use for the new random key, once he installs the key in his own alias
file. Mary will also enter another phrase to protect that file during
- Encipher or decipher using an alias key:
penknife file.txt *.pen /e /a fred
Now Mary only needs to enter a key once: the key for the alias file.
Decipher is similar except using /d instead of /e.
- Transport the key to the far end: Mary copies the
transport file onto a floppy and sends it through the postal mail,
or gives it to a friend to deliver. She could also use an express
delivery service, or just hand the disk to Fred the next time she
- Add a transported key to your alias file (not in the
Corporate version): Fred will need both the
transport file and the transport key; then he can decipher that file,
immediately re-encipher it under his own alias key, and place the
result at the start of his alias file:
penknife newfred.trn /d
(then Fred enters the transport key)
penknife newfred.trn /e
(then Fred enter his alias-file key)
copy penknife.mgt penmgt.old
copy newfred.trn+penmgt.old penknife.mgt
Here we assume that Fred is in his alias directory (which is usually
the Penknife directory) and so will have direct access to the relevant
alias file. Fred might have multiple alias files, in which case the
last two commands would be modified and repeated for each alias file
where the new alias is needed.
Installing Penknife in Microsoft Windows
- Copy the Penknife program to your hard drive. First
create an appropriate directory, such as PEN, using File Manager,
double-clicking on root (typically "c:\") and using the File,
Create Directory selections. Then copy PENKNIFE.EXE and
PENKNIFE.PIF from the distribution floppy to that directory, using the
File Manager selection File, Copy.
- Create a new program item under Program Manager, and
connect it to an icon. Use Program Manager to open the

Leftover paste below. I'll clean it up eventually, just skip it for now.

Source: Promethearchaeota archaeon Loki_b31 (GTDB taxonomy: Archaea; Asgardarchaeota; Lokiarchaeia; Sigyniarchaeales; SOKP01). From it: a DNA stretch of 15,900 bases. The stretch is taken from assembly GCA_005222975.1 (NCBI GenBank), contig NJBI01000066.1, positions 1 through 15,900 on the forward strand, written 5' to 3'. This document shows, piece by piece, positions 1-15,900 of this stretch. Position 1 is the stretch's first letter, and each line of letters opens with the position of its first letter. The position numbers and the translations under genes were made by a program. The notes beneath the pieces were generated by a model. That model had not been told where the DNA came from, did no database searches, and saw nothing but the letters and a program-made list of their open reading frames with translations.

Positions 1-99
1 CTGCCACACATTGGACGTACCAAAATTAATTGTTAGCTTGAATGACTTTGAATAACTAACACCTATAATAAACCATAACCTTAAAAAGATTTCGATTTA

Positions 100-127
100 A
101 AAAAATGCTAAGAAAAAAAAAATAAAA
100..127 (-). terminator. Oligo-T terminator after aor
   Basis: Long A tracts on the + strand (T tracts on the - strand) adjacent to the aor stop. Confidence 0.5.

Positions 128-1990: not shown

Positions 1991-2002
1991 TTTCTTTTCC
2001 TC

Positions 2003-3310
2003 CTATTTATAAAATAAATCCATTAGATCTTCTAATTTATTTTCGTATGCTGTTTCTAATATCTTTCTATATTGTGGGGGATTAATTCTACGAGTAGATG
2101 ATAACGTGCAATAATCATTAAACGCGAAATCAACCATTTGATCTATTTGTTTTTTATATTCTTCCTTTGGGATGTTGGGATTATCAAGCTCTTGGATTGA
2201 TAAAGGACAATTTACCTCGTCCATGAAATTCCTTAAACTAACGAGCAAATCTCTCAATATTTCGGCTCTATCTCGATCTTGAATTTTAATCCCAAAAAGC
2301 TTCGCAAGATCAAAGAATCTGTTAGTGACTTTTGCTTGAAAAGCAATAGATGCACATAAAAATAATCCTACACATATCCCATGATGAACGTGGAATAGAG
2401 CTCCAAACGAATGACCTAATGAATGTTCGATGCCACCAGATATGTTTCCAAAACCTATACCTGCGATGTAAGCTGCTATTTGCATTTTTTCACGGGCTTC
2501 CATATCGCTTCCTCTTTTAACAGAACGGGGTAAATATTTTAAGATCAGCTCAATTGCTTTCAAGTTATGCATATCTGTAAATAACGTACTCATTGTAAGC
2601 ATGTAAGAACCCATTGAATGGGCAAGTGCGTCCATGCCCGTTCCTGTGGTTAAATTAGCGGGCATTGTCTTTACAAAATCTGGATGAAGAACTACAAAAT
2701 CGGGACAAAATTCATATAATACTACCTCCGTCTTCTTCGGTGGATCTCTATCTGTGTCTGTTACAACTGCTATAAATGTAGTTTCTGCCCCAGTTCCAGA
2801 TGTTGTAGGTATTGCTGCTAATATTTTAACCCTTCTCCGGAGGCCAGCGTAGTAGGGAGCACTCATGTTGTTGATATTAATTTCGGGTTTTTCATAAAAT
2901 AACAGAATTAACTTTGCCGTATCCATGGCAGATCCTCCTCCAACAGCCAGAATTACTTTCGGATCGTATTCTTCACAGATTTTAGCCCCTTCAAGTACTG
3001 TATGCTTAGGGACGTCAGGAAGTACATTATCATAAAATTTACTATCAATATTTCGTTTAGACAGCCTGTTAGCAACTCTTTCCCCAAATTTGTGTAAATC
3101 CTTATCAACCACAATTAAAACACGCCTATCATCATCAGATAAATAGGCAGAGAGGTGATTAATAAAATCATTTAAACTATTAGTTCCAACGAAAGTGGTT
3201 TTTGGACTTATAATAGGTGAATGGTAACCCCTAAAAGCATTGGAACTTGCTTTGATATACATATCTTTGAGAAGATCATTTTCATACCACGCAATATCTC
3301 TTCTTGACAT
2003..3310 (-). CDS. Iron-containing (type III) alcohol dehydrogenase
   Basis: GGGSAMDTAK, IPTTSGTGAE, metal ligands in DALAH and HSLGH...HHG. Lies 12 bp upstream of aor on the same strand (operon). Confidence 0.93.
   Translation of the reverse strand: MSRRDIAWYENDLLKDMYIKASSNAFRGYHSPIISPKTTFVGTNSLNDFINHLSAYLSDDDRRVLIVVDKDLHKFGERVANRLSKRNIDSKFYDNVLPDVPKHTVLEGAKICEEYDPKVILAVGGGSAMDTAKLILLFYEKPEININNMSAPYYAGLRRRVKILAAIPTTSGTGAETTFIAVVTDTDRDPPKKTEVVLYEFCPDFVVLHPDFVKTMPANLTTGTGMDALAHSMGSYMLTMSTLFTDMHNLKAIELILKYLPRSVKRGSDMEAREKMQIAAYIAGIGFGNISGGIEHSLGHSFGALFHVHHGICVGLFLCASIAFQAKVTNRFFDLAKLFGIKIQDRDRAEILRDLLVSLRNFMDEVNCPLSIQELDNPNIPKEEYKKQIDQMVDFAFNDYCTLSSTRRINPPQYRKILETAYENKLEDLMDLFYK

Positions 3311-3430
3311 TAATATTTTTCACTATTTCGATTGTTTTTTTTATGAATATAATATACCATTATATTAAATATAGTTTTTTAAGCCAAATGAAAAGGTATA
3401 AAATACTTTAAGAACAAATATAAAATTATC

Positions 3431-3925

Accessories group and use File, New to create a new
Program Item. Enter the Description "Penknife Cipher" and set
Command Line as the full path to the program (e.g.,
"c:\pen\penknife.exe"). Set Working Directory to where you
want files without full paths to end up (e.g., "c:\pen"). (Your
alias file will also normally be in that working directory.)
Enter "p" for Shortcut Key (which becomes Ctrl+Alt+P), and
check Run Minimized. Use Change Icon and select the
pocketknife icon, if desired.
- If you do not have PENKNIFE.PIF, construct it!
Use the PIF Editor (in Program Manager group Main) selections
File, New to start a new definition. Then set
Program Filename as the complete path to Penknife (e.g.,
"c:\pen\penknife.exe"). Optional Parameters and Start-up
Directory should be empty. Video Memory should be
"Text". Memory Requirements for KB Required and
KB Desired should both be "150"; for both EMS and
XMS memory, KB Required and KB Limit should
be "0". Display Usage should be "Windowed", Close Window
on Exit checked, and neither Background nor Exclusive
Execution need be checked.
Of the Advanced Options, Uses High Memory Area
need not be checked, but Emulate Text Mode should be.
Then use the PIF Editor selections File, Save As